To span the length of a beam, several panels 110 are joined with lap joints. As before, those lap joints are secured with screws 124.
To secure panels 110 on adjacent sides of structural member 120, angle braces 128a-128c are used. Here, 20 gage 11/2"×1" (38 mm×25 mm) stainless steel angle is used. Angle braces 128a-128c are secured to panels 110a-110f using screws 122a-122o (only selected screws shown). A minimum spacing of 8" between screws is preferred. Here, 3/4" (19 mm) stainless steel sheet metal screws are used. The length of these screws is selected to be roughly the thickness of panels 110a-110f.
It will be appreciated that screws 122a-122o may contact structural member 120. However, little heat will be conducted to structural member 120. Screws 122a-122o end in a point 126, as is common for sheet metal screws. Thus, the total area of screws in contact with structural member 120 is small and heat transferred to structural member 120 is correspondingly small. Thus, screws 122a-122o do not need to be coated with fire protecting material.
By applying panels as shown in FIG. 5, all joints between panels are either covered by angle brace 128 or form a lap joint. The lap joints 130 and butt joints 131 may be caulked to provide a seal against weather conditions. Otherwise, no special sealing of joints is required.
As shown in FIG. 5, panels 110a, 110b, and 110c are mounted with open spaces in structural member 120 behind them. However, this mounting arrangement is acceptable. Perforated metal 114 (FIG. 4) provides adequate structural support. Aluminum foil 116 prevents hot gasses from penetrating into the open space during a fire.
In a fire, aluminum foil 116 may separate from the back of the panels. Foil 116 will, however, remain in place. For panels such as 110c and 110d which contact structural member 120, foil 116 is held in place because it is pressed against support member 120. For panels such as 110a and 110c, foil 116 may separate from the panels and billow into open space in support member 120. However, foil 116 will be anchored at its ends by contact with panels 110d and 110f and support member 120.
Having described embodiments of the invention, one of skill in the art will recognize that variations can be made without departing from the invention. For example, perforated metal 18 could be extended throughout the entire area of panel 10. In this way, a panel could be cut to any size and still have perforated metal along its edges to allow screw attachment. Extending perforated metal 18 throughout the entire panel adds mechanical support to the panel. This added support can be important to allow the panels to work in situations where flame jets are expected, such as represented by the SOFIPP test conventionally used to rate fire protecting systems. Angle braces to join panels such as shown in FIG. 1 could be used. Also, aluminum foil could be used to back panels as shown in FIG. 1. Further, panels could be molded in many shapes. The panels could even be molded to conform with curved surfaces.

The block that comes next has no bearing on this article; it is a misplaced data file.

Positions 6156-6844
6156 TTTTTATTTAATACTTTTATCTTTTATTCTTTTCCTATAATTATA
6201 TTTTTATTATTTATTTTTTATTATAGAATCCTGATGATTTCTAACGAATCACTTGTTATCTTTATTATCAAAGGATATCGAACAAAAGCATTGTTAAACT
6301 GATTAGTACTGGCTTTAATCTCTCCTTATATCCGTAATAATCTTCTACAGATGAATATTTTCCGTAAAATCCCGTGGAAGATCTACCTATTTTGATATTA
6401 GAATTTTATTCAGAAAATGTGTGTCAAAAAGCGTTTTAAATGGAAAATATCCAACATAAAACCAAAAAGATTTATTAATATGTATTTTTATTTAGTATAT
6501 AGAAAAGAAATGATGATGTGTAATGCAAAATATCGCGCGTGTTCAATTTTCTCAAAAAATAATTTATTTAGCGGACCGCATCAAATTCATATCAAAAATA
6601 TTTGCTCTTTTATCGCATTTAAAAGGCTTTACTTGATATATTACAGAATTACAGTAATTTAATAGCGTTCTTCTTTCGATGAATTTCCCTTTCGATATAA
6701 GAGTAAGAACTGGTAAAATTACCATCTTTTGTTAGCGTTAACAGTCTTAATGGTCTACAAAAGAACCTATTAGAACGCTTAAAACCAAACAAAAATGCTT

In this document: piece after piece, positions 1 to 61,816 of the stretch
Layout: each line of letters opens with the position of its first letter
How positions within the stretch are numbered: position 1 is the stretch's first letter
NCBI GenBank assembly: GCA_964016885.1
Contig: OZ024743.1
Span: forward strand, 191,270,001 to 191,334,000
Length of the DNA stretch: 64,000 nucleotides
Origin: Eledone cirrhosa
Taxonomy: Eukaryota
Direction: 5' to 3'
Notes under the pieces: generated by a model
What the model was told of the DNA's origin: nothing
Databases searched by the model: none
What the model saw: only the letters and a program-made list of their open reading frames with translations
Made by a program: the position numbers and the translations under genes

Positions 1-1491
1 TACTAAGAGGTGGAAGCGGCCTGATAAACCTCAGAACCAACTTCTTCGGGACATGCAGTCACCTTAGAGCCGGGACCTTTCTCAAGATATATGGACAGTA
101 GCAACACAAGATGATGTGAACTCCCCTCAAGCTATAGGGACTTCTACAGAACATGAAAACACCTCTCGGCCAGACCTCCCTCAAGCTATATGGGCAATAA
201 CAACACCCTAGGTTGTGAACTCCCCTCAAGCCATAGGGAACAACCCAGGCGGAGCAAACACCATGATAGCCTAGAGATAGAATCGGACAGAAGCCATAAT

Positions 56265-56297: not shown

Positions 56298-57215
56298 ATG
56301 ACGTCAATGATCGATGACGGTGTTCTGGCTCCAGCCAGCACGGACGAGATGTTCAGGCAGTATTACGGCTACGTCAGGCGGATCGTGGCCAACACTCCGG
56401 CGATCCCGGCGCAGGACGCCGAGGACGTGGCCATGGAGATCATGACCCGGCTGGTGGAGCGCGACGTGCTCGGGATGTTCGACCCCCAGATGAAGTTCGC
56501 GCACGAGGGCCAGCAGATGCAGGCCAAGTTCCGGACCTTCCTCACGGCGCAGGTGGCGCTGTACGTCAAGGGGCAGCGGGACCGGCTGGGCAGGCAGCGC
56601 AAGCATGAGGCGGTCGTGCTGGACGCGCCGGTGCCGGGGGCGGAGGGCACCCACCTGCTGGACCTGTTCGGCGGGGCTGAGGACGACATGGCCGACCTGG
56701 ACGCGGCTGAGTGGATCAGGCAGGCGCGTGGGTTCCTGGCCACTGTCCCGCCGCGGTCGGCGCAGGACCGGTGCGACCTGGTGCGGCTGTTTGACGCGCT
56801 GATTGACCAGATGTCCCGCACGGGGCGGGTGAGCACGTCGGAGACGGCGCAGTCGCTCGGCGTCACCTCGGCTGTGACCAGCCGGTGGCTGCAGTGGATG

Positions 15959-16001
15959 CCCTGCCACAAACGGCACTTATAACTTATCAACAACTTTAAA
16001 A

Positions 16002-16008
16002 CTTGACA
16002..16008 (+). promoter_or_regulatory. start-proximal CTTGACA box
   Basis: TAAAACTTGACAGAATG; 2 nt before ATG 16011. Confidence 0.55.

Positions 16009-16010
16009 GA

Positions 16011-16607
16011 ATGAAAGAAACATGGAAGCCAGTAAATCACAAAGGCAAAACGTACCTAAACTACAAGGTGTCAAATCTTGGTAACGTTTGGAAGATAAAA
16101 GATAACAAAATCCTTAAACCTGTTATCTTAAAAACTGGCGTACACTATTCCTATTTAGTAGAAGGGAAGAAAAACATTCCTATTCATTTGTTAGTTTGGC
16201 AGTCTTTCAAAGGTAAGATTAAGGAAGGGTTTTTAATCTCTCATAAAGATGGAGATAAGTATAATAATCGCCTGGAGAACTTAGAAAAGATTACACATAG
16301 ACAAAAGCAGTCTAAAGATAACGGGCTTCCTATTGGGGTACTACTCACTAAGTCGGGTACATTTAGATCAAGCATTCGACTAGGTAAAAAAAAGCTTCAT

Also, foil 116 need not be attached to a panel. Foil may be attached directly to a structural member. Panels would then be installed over the foil. Alternatively, fire protecting material could be sprayed on over the foil.
Also, panel fabrication using conveniently available fireproofing compounds was described. These materials contain fiberous material and epoxy. Varying the amount of fibers and epoxy may result in materials which are better suited to a particular molding operation. For example, the amount of fibers might be reduced on the order of 25% from the quantities described in U.S. Pat. No. 4,529,467.
Additionally, FIG. 3B shows panels applied to span spaces between structural members supporting a deck. The panels could be applied in a like fashion to cover a wall or other element with structural members attached to it.
Also, molding was described as comprising pouring fireproofing material into a mold. It might be sprayed into the mold or applied in other ways to facilitate rapid molding of panels.
Accordingly, the invention should be limited only by the spirit and scope of the appended claims.
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|U.S. Classification||52/600, 52/232, 52/541, 52/309.16, 52/1, 52/309.7|
|International Classification||E04F13/08, E04B1/94, E04C2/26|
|Cooperative Classification||E04B1/944, E04B1/942|
|European Classification||E04B1/94B2A, E04B1/94B1|
|Sep 9, 1991||AS||Assignment|
Owner name: AVCO CORPORATION, RHODE ISLAND
Free format text: ASSIGNMENT OF ASSIGNORS INTEREST.;ASSIGNORS:BLAKE, MELVYN;CASTLE, GEORGE K.;REEL/FRAME:005829/0877
Effective date: 19910717
|Dec 16, 1996||AS||Assignment|
Owner name: TEXTRON SYSTEMS CORPORATION, MASSACHUSETTS
Free format text: ASSIGNMENT OF ASSIGNORS INTEREST;ASSIGNOR:AVCO CORPORATION;REEL/FRAME:008274/0709
Effective date: 19961205
|Oct 12, 1998||FPAY||Fee payment|
Year of fee payment: 4
|Sep 1, 2000||AS||Assignment|
Owner name: INTERNATIONAL PAINT INC., TEXAS
Free format text: ASSIGNMENT OF ASSIGNORS INTEREST;ASSIGNOR:TEXTRON SYSTEMS CORPORATION;REEL/FRAME:011122/0690
Effective date: 20000828
|Oct 11, 2002||FPAY||Fee payment|
Year of fee payment: 8
|Oct 30, 2002||REMI||Maintenance fee reminder mailed|
|Oct 11, 2006||FPAY||Fee payment|
Year of fee payment: 12